Written by guest blogger Judge McGahey
“Why, that’s bigamy!” “Yes, and it’s big of me, too!”
§ 18-6-201. Bigamy
(1) Any married person who, while still married, marries
or cohabits in this state with another commits bigamy,
unless as an affirmative defense it appears that at the time
of the cohabitation or subsequent marriage
(a) The accused reasonably believed the prior spouse to be dead; or
(b) The prior spouse had been continually absent for a period of five years during which time the accused did not know the prior spouse to be alive; or
(c) The accused reasonably believed that he was legally
eligible to remarry.
(2) Bigamy is a class 6 felony.
Know anyone who might fit into that definition? I’ll bet you do. That’s a still-viable, still-enforceable Colorado statute, although you’d probably have to have a pretty aggravated case before a DA would try to enforce it. Our ideas about marriage and cohabitation (living together as spouses although not legally married) have softened and mellowed over time. But those issues have always been grist for the Hollywood mill. And what came out of the Hollywood mill when bigamy was the issue was almost always a comedy.
The premier example of this is My Favorite Wife (1940), from RKO. It starred Cary Grant, Irene Dunne and Randolph Scott. Directed by Garson Kanin, it was nominated for three Oscars, although it didn’t win any. The movie was a huge hit and when you watch it, you’ll see why.
Grant plays a lawyer, Nick Arden, whose wife Ellen (Dunne) has been missing after the ship she was one disappeared. In the interim, Nick has fallen in love with Bianca (Gail Patrick.) They want to marry, so Nick goes to court and has Ellen declared legally dead. The judge enters the order, Nick and Bianca marry, and leave on their honeymoon. (You can see this one coming from a mile off, can’t you?) Ellen returns, finds out about Nick’s marriage and locates him on his honeymoon night – and before anything honeymoonish happens between Nick and Bianca. Now Nick has to figure out how to discuss the situation with Bianca, but he just keeps putting off both an explanation and the consummation of their marriage. But it’s even more complicated than that. It turns out that Ellen has been shipwrecked on a tropical island with Stephen Burkett (Scott) and while there they referred to each other as “Adam” and “Eve.” Nick, now jealous, has to find out what – if anything — happened on the island. (One reason this screwball plot worked was that Randolph Scott was one of the few stars who was regarded as being as handsome as Cary Grant.) Hilarity ensues, but it all works out in the end.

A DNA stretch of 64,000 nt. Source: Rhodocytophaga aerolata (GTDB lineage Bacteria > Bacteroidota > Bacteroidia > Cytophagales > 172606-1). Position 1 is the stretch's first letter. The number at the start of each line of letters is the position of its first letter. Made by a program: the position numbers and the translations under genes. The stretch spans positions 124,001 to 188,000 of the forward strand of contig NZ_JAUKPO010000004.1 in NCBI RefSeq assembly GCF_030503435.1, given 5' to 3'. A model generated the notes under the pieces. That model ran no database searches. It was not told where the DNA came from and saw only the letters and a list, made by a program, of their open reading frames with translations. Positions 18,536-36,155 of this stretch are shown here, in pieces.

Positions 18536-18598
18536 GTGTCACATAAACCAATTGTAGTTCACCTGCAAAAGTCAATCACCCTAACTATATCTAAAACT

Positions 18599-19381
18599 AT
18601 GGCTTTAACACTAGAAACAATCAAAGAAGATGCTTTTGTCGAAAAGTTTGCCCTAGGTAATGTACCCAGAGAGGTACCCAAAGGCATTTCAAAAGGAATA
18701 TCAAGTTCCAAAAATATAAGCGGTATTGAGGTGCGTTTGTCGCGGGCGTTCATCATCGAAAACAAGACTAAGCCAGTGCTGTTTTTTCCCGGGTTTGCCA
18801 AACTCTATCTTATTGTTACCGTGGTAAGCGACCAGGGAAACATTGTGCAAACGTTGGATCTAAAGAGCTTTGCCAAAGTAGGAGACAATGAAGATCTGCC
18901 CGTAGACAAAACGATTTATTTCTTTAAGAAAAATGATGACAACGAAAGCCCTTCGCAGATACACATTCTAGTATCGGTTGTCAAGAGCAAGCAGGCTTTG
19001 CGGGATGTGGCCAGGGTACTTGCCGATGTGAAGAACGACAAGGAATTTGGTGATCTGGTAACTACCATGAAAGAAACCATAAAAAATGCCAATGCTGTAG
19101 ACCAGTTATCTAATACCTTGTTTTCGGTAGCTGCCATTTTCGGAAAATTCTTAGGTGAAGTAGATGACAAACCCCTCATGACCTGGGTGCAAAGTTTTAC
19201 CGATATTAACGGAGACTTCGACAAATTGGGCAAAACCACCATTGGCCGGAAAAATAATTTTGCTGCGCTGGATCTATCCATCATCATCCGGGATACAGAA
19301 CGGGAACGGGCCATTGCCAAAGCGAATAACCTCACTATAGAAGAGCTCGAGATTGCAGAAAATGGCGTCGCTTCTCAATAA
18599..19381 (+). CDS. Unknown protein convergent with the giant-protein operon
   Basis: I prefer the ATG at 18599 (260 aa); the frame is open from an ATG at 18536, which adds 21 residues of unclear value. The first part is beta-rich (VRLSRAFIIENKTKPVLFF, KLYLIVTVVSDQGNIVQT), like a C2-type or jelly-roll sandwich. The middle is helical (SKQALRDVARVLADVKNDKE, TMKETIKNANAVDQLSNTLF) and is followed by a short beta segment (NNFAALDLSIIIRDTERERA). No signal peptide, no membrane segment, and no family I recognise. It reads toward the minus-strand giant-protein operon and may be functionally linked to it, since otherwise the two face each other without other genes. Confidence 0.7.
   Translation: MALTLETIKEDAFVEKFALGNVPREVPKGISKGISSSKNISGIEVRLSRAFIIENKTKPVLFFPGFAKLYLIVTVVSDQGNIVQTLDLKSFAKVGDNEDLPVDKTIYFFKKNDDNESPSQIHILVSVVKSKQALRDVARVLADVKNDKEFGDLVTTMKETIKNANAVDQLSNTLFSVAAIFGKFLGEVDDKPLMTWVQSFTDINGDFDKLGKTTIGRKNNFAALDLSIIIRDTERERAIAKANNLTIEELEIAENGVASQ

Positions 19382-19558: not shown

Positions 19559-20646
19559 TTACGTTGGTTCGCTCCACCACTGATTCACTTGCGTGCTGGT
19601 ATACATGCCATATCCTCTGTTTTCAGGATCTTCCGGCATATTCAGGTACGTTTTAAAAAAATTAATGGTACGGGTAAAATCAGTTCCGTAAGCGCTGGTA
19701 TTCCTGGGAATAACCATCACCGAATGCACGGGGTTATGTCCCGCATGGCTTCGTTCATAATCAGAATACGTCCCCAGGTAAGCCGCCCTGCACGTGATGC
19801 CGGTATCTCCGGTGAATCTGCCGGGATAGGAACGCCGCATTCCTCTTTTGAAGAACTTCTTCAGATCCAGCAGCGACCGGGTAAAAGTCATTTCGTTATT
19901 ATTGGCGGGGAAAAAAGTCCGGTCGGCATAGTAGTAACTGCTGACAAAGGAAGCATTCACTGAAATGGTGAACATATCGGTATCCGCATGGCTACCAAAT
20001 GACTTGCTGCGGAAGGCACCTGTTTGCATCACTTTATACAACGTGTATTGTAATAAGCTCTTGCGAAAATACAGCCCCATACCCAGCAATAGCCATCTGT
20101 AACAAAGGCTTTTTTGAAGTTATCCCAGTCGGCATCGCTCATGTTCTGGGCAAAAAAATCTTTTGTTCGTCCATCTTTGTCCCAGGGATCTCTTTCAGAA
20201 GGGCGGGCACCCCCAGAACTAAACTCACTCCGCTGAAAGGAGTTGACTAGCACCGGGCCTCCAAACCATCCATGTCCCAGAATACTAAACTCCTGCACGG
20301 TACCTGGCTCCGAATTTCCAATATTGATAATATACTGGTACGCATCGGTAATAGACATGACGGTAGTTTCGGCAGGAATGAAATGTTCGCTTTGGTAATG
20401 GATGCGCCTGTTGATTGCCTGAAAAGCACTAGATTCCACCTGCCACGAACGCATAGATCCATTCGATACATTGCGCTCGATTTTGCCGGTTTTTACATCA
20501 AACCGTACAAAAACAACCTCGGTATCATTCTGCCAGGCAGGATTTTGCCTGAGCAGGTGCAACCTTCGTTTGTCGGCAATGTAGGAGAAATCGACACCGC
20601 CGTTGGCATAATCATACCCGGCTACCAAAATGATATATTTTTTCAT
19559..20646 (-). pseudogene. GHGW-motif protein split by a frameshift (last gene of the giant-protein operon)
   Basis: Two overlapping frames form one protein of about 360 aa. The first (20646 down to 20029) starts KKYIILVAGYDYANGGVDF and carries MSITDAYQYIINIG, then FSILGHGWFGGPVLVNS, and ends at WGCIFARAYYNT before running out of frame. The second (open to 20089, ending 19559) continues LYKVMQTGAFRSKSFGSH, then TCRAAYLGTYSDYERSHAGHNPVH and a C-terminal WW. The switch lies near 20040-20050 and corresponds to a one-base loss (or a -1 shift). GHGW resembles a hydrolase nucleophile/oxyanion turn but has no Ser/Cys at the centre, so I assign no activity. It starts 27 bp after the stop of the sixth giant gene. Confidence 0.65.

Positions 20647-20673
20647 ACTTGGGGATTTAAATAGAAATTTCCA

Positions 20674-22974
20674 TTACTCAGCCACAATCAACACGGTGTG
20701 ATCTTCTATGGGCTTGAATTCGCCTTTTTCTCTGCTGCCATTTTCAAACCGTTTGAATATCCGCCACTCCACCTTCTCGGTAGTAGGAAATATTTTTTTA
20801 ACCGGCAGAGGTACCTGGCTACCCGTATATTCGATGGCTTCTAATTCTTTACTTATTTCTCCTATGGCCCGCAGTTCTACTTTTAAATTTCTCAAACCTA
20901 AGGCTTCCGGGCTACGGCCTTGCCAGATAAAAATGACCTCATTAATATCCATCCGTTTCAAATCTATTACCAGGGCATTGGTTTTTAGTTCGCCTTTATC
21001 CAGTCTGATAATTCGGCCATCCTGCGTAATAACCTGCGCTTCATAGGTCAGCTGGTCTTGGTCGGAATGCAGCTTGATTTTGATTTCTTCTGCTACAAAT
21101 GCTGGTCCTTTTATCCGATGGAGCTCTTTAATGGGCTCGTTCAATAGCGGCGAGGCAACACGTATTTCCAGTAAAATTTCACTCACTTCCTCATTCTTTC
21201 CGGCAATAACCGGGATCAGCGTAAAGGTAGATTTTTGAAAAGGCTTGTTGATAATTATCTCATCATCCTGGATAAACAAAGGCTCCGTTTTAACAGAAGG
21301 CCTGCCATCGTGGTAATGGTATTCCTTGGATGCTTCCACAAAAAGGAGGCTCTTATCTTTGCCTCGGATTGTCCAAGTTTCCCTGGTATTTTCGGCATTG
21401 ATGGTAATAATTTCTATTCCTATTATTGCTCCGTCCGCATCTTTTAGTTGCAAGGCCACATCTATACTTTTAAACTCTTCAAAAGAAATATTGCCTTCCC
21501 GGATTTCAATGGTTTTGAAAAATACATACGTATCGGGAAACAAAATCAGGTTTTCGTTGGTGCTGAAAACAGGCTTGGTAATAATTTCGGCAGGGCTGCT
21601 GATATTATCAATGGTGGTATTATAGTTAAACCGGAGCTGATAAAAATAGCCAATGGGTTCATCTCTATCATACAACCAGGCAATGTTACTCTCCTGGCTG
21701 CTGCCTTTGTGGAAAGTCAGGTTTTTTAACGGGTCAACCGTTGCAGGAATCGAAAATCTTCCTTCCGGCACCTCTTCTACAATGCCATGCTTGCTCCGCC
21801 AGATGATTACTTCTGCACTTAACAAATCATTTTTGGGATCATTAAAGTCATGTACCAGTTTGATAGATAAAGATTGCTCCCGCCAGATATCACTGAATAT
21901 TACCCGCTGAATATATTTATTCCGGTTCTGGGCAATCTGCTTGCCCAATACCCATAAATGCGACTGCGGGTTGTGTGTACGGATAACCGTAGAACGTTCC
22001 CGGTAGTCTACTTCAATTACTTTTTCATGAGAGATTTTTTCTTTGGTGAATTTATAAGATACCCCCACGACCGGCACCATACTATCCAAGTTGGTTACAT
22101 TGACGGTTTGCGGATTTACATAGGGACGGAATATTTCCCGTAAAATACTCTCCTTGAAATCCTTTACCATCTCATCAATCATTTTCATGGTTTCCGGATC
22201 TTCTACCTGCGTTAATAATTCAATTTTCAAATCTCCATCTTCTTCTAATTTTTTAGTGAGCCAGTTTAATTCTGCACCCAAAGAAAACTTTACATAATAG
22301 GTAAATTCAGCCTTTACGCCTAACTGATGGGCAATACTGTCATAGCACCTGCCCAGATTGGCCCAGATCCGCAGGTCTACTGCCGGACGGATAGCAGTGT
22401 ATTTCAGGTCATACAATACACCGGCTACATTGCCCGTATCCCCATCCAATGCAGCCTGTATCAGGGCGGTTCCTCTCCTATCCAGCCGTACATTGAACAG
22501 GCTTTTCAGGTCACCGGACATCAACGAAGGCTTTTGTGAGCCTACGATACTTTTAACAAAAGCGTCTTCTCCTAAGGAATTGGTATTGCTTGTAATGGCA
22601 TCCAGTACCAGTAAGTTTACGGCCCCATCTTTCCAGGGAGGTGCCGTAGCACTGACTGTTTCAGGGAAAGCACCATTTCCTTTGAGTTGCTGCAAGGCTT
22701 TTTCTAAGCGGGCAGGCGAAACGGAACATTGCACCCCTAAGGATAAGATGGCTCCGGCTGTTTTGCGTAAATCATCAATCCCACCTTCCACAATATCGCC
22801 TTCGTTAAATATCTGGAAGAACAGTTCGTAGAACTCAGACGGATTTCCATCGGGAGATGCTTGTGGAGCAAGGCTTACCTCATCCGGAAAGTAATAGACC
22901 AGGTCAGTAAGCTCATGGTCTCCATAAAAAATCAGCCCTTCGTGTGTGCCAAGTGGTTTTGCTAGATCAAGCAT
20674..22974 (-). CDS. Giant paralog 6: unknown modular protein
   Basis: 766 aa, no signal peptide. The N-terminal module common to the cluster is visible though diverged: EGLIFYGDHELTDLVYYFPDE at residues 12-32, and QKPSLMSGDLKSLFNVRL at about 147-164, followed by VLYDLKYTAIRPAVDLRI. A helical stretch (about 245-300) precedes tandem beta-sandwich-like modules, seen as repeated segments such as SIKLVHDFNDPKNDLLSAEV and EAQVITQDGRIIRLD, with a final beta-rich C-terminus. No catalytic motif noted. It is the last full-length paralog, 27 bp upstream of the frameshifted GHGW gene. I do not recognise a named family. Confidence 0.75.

From a legal perspective, this sounds a lot like a question on the Bar Examination. The movie uses the legal conundrums of the situation to give some wonderful scenes with the befuddled Judge Bryson who first declares Ellen to be legally dead, then has to deal with the aftermath of her not being dead, legally or otherwise. This poor black-robed nebbish is played by Granville Bates, and he’s one of my favorite screen jurists.
I know that some of the social issues that form the plotlines of movies from the ‘30’s and ‘40’s seem more than a little archaic to modern sensibilities. But folks, funny is still funny. And My Favorite Wife is very, very funny. Find it and enjoy it!
 This quote is not from this month’s movie. It’s from Animal Crackers (1930), a Marx Brothers movie. I used it for several reasons: it fits the subject matter of this month’s movie; I absolutely love the Marx Brothers; and mostly because it’s funny!
 Stuff like this can make real-life cases difficult, too. I had a hearing recently where an earlier marriage and divorce for husband came to light while testimony was being taken. The parties to the case knew all about it – but husband sort of forgot to tell his lawyer. Hilarity did not ensue.